The entrants ranged from amateur hobbyists to more seasoned performers, but every one was entertaining. Probably one of the coolest tricks was one where a magician had our table of five people choose five cards from deck of playing cards. He then took out his iPhone calculator and had us throw out some random numbers which he multiplied. At the end, the calculator had the number which ended up being the numbers of all five of our cards. Then the magician observed that the 5 cards not only made up that days date (10/10) but also the exact time down to the minute that this revelation came. I was very impressed by the timing of this reveal.

We saw a lot of great sleight of hand and some entertaining comedy. One magician after performing for us, whispered to me "big fan of the site and the new podcast," which was cool. And at the end, we got to vote for the best strolling magician, which was a tough task. I'll definitely be attending the next one of these, maybe even as a performer.

The Disaster Artist: My Life Inside The Room, the Greatest Bad Movie Ever Made

Jacob Hall Read The Disaster Artist and Walt Disney: The Triumph of the American Imagination

As readers of The Water Cooler may know, I'm currently between houses – I had to be out of my apartment and the closing date on my new house was delayed several weeks. So that meant paying for storage and temporarily moving in with my mother 90 minutes away. And because I knew I'd have a lot of time on my hands, I kept a few unread books out of storage and burned through them both over the past two weeks: The Disaster Artist and Walt Disney: The Triumph of the American Imagination.

The Disaster Artist is probably the better known book of the two: it chronicles the making of The Room, one of the most famous bad movies all time, and it's been adapted into an excellent movie opening this December. I caught the film at SXSW, which meant that I was allowed to be pleasantly surprised by how well the adaptation captures Greg Sestero and Tom Bissell's book, which manages to be tragic, hilarious, and downright terrifying, often at the same time. What could have been a series of car crash moments, with the book tapping the brakes and slowing down to allow time to admire the wreckage, is actually a lovely page-turner about dreams, how the film industry is built to destroy dreams, and how some dreams simply shouldn't be allowed to come to life. And here's the kicker: it's short. Really short. I read it in two sittings. You really don't have any excuses to not read this one if you enjoy books about movies and bizarrely lovable psychopaths who make movies.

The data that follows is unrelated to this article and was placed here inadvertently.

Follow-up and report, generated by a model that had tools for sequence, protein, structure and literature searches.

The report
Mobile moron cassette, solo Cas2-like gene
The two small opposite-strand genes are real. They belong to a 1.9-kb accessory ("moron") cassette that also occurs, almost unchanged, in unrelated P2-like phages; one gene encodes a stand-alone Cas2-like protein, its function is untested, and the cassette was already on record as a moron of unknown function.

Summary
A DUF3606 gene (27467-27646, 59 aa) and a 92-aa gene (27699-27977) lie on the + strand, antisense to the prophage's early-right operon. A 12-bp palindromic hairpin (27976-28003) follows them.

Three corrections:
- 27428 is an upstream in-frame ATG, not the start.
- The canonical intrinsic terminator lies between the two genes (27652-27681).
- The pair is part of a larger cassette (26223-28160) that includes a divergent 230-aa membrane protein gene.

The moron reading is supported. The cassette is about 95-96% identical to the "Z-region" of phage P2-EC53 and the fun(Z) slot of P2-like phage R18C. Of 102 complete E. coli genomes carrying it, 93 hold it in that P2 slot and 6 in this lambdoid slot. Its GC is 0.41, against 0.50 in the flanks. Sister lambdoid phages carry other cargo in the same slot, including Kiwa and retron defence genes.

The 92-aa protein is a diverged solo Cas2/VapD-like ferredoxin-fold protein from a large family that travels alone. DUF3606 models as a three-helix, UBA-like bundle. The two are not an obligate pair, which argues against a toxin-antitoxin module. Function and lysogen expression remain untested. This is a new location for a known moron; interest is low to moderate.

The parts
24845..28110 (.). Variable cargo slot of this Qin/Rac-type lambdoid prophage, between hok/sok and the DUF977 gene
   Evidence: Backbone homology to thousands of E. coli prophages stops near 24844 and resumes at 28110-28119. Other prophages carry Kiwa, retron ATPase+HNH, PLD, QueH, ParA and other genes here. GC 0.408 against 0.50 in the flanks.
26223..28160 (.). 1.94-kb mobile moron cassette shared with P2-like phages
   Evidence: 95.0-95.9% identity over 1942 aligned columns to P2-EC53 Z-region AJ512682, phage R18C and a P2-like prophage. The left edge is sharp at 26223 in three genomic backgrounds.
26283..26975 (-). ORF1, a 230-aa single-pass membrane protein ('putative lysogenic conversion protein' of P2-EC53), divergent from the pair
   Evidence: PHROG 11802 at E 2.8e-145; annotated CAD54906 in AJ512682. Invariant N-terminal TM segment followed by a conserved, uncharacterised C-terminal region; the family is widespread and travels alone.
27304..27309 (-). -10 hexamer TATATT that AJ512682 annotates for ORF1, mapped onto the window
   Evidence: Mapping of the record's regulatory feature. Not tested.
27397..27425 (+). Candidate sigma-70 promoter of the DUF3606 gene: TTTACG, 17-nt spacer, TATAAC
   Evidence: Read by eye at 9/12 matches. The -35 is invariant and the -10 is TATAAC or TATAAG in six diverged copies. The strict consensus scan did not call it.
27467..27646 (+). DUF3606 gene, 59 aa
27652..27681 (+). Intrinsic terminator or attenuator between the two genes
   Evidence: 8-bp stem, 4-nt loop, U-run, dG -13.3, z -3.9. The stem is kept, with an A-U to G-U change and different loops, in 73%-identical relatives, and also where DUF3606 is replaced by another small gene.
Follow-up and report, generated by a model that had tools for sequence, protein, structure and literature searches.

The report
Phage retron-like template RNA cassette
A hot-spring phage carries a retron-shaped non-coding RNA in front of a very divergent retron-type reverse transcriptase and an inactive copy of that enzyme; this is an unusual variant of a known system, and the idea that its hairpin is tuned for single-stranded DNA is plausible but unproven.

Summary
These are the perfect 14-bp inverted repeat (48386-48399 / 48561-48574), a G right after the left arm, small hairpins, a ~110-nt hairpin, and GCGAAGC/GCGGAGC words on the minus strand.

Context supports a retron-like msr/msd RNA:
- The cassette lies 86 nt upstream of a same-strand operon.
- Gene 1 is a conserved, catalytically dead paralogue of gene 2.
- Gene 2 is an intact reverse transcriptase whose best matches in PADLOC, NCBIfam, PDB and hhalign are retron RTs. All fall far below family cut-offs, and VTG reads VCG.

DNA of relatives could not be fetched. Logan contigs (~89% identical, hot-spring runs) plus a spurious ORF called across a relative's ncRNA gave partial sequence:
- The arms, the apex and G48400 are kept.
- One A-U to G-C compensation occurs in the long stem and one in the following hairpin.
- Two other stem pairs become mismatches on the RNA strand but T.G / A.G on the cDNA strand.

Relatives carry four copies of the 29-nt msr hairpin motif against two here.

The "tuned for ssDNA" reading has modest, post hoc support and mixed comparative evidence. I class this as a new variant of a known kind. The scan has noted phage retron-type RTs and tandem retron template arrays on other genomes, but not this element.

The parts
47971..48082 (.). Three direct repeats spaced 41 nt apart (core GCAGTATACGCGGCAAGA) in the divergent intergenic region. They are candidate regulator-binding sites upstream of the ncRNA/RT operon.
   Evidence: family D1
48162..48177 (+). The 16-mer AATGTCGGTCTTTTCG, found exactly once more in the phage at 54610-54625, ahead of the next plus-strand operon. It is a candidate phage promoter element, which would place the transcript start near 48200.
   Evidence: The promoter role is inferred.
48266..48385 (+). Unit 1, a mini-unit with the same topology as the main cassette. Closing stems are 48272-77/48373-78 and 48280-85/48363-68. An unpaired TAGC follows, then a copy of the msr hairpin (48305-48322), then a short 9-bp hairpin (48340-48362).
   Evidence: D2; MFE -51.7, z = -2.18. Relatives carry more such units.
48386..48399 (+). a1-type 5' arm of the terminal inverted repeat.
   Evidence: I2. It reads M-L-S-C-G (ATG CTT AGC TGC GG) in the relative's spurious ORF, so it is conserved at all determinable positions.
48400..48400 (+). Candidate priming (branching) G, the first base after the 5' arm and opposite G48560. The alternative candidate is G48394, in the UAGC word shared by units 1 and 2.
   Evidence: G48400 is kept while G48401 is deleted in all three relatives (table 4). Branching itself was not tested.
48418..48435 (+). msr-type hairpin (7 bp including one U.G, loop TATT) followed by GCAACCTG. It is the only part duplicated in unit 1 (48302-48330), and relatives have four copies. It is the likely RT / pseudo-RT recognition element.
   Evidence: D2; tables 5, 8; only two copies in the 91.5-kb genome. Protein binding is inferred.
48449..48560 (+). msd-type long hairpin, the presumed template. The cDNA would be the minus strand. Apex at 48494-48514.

Walt Disney: The Triumph of the American Imagination is not short. In fact, it's a doorstop. Neal Gabler's biography of the most important man in American pop culture history (something you'll agree with if you read the book!) feels comprehensive. It's fat enough that carrying it around feels like a chore. But after the typical slow start – you will learn every single little thing you could possibly want to know about Walt Disney's childhood – the book becomes a gripping and fascinating read, exploring Disney's complicated life and his ever-shifting perspective on art. It turns that – GASP! – Walt Disney was a complex and contradictory man whose failures and successes inform his work and legacy in ways that cannot be briefly summed up. The focus of the book is Disney's life, so don't go into this one expecting an in-depth look at the making of every single movie with his name on it. Instead, Gabler focuses on the man himself, his obsessions, and how his constant desire for escape created new hobbies, which eventually grew into new mission statements. Entertainment industry biographies don't get much better than this.